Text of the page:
What is a role model? A role model is de-fned as “someone to be copied or a wor-thy person who is a good example or otherpeople.” The only problem is that many high school students don’t know how topick that role model and almost every ath-lete, young or old, has once chosen to look up to a proessional athlete.Unortunately, this past year may havebeen the worst time or anyone to pick anidol. The Syracuse University and PennState sex abuse scandals seem to havestarted this era o despair. Not long aterthose startling revelations, Bobby Petri-no (the Arkansas College Head FootballCoach) cheated on his wie; and then, ellrom motorcycle, which had his mistresson the back. In addition, both the men’sand the women’s basketball teams at Bay-lor University have been placed on three years’ probation because o recruiting vio-lations.Proessional athletes, however, did notare any better. For example, the New Or-leans Saints Football Team had a bounty system, which was intended to deliberately hurt the players o other teams in exchangeor pay raises (as i an NFL player needsmore money). In the world o proessionalbasketball, Metta World Peace elbowedJames Harden in the head, Rajon Rondobumped a reeree in aggravation ater a“bad” call, and Amar’e Stoudemire hurt hishand ater punching glass in the rustrationthat ollowed a loss. Is it necessary to goany urther? Are these the people we want younger athletes to ollow?So, in this world o badly behaved col-lege and proessional athletes, whomshould we choose as a role model. The an-swer can be ound inside the walls o Wa-tertown High School. Individuals, youngand old, should choose someone like ourown Matt Netto. Matt is a our-year Var-sity Athlete in ootball, swimming, and la-crosse. Matt has been a participant in fveFrontier League Championships and hasbeen a Frontier League All-Star in all three.Matt not only excels in sports, but also, inthe classroom. Because o his hard work inboth academics and sports, coaches rom Yale, Princeton, Cornell, Harvard, andHamilton have contacted Matt to discusshis college plans. (Most people would notknow this because Matthew is also a mod-est young man.) Matt is not a typical cocky athlete: he sticks to his morals and willgo out o his way to help someone else. Irecently asked Matt i he realized that he was a role model, and he explained, “I justtry to do the right thing…that’s how I wasraised.”Matt Netto is not the only athlete at Wa-tertown High School who could be viewedas a role model. Caleb Bettis, Mia Caponeand Brianne Arthur are also great exam-ples. I proessional and collegiate athletesacted more like our young athletes, it mightstart a trend: athletes would once again bein the news or good rather than their un-sportsmanlike and illegal activities.“Role models” in the sports world aregetting recognized or ridiculous actionsand poor behavior. Younger Athletes:choose your role models wisely. Varsity athletes: Be a role model or younger ath-letes to look up to. John Wooden once said,“Being a role model is the most powerulorm o educating.”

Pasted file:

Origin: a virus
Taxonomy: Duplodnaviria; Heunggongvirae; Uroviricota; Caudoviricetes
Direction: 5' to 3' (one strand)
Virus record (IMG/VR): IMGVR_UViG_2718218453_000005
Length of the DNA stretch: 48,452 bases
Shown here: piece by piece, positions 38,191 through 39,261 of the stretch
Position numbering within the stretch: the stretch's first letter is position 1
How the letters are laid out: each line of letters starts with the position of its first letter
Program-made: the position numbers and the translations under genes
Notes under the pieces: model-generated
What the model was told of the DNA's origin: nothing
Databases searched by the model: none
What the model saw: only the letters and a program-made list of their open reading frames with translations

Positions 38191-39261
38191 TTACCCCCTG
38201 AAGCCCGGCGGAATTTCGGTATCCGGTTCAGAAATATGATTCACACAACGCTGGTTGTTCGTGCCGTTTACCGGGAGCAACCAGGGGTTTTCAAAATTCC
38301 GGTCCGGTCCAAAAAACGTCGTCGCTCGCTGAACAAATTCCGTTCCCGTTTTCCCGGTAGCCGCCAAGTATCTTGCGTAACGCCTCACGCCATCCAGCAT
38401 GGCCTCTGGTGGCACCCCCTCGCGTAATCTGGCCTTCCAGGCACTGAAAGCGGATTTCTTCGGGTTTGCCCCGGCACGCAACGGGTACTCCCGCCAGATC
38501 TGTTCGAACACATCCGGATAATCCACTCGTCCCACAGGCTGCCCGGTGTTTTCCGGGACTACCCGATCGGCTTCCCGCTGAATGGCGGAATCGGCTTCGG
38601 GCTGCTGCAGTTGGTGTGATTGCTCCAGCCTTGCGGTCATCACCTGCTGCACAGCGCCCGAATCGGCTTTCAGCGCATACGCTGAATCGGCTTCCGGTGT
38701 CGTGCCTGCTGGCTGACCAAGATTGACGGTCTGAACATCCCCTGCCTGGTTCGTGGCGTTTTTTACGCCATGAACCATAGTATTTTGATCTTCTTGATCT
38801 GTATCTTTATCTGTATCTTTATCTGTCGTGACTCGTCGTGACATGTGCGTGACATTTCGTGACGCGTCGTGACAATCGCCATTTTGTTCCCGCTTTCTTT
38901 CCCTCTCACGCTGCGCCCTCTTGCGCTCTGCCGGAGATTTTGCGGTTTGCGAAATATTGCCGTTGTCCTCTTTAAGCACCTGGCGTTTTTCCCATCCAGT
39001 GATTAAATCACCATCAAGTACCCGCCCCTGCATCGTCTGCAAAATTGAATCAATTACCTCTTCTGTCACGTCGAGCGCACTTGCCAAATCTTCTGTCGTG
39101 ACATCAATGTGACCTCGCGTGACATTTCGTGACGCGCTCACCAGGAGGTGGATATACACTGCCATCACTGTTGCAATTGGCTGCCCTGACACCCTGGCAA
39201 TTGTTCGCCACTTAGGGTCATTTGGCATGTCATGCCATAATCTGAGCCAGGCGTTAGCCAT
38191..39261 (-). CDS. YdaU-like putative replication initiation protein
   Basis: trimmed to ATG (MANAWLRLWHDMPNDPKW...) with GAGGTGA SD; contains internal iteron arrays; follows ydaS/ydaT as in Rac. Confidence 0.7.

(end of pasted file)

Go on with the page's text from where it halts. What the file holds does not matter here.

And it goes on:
Mason’s Corner: Role Models
By Amber McAllister